In an earlier post, I started discussing measure words, and talked about the common measure words for people. In this post, I'll look at measure words for animals.
In English, we have many of these and they are confusing e.g. a flock of geese, but a murder of crows, etc.
While you could use the standard measure word 个 (Gè) for animals in Chinese, you'll sound a lot better if you use the appropriate specific measure words.
条 (Tiáo) is one of my favourite measure words. It's not just use for animals. It's used for most long skinny things. Here are some examples for animals:
一条蛇 (yì tiáo shé) is "a snake". Now that makes sense as they're pretty long and skinny. But others use this, even though they are less long and skinny.
一条鱼 (yì tiáo yú) is "a fish".
一条龙 (yì tiáo lóng) is a surprising one. It's "a dragon". Not sure they're all that long and skinny.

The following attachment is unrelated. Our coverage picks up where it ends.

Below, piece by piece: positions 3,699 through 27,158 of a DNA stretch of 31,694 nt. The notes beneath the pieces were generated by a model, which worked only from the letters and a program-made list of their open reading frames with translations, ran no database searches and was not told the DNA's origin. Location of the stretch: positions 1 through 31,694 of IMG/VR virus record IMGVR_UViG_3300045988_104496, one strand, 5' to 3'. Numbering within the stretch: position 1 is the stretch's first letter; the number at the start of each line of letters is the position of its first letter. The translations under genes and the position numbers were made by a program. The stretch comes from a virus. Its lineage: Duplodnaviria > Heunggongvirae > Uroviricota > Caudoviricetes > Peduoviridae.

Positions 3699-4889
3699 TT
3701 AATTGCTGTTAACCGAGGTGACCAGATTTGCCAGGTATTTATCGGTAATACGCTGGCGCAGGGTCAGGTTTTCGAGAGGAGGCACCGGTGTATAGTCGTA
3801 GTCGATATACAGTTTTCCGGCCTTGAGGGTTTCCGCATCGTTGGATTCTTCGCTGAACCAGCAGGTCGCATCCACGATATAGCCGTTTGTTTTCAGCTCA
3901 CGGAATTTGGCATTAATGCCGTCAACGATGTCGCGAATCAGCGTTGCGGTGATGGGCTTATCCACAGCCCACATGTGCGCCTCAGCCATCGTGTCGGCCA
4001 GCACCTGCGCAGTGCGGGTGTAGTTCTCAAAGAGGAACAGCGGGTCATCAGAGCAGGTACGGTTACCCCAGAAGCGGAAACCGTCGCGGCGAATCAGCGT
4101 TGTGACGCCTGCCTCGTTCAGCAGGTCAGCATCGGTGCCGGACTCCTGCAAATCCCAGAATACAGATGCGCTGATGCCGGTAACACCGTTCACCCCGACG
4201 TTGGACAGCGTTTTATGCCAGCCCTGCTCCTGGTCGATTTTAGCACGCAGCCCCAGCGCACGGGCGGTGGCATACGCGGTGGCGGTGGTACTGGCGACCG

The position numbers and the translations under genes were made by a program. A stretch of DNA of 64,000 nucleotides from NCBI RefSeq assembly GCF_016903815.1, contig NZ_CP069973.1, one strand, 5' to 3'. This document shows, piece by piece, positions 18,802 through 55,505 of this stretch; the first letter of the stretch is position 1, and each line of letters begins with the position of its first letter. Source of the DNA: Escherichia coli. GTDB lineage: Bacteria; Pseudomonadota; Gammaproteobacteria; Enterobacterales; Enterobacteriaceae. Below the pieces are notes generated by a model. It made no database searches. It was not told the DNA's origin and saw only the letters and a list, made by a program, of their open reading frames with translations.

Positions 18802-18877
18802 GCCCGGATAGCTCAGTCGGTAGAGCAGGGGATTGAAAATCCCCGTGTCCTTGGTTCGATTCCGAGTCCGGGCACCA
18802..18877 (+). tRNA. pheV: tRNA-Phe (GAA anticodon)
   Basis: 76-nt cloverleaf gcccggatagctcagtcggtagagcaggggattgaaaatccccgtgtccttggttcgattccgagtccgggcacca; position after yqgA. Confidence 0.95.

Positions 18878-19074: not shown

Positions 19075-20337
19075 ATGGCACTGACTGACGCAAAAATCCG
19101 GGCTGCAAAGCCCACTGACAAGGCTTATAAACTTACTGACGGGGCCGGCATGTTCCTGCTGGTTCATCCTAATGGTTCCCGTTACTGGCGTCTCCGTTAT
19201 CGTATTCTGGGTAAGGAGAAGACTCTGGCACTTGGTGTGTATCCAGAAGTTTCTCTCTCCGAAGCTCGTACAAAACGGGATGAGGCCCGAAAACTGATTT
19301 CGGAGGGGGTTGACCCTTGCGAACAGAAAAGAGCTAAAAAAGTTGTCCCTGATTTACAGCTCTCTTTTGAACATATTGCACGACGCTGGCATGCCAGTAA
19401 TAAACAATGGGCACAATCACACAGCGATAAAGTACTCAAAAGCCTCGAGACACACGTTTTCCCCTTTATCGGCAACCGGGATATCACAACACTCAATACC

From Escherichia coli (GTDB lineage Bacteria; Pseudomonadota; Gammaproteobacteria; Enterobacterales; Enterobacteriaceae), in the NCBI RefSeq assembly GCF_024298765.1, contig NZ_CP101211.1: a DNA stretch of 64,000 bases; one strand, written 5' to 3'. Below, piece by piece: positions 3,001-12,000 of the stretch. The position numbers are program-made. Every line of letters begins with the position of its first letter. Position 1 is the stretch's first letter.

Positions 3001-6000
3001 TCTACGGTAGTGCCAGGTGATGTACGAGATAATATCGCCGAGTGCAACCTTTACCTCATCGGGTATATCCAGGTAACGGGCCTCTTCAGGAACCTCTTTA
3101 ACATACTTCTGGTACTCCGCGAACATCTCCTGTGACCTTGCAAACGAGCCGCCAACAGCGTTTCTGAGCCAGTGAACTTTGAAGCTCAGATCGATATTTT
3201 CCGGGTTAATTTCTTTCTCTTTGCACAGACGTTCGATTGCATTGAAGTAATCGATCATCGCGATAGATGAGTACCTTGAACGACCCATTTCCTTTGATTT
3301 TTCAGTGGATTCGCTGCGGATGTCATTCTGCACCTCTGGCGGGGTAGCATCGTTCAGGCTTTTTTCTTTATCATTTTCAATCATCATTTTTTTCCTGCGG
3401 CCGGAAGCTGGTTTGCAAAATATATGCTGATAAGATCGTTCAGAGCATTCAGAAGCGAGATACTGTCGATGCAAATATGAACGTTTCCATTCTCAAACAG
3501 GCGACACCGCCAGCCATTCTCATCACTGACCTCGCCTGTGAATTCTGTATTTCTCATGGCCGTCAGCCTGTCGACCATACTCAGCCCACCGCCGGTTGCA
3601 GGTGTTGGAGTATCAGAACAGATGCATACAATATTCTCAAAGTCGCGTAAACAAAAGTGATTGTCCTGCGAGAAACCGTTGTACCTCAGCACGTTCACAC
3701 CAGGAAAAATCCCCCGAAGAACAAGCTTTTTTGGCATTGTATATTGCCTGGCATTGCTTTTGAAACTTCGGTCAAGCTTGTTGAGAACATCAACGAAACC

I've also seen this measure word applied to things like dogs, although they have better measure words.
一只狗 (yì zhī gǒu) is "a dog"
一只鸟 (yì zhī niǎo) is "a bird"
一只老鼠 (yì zhī lǎo shǔ) is "a mouse"
一只熊猫 (yī zhǐ xióngmāo) is "a panda"
头 (tóu) literally means "head" on its own, but as a measure word, it's used for some larger animals:
一头牛 (yì tóu niú) is "a cow"
一头猪 (yì tóu zhū) is "a pig"
But even though horses seem pretty similar, they have a different measure word:
一匹马 (yì pǐ mǎ) is "a horse"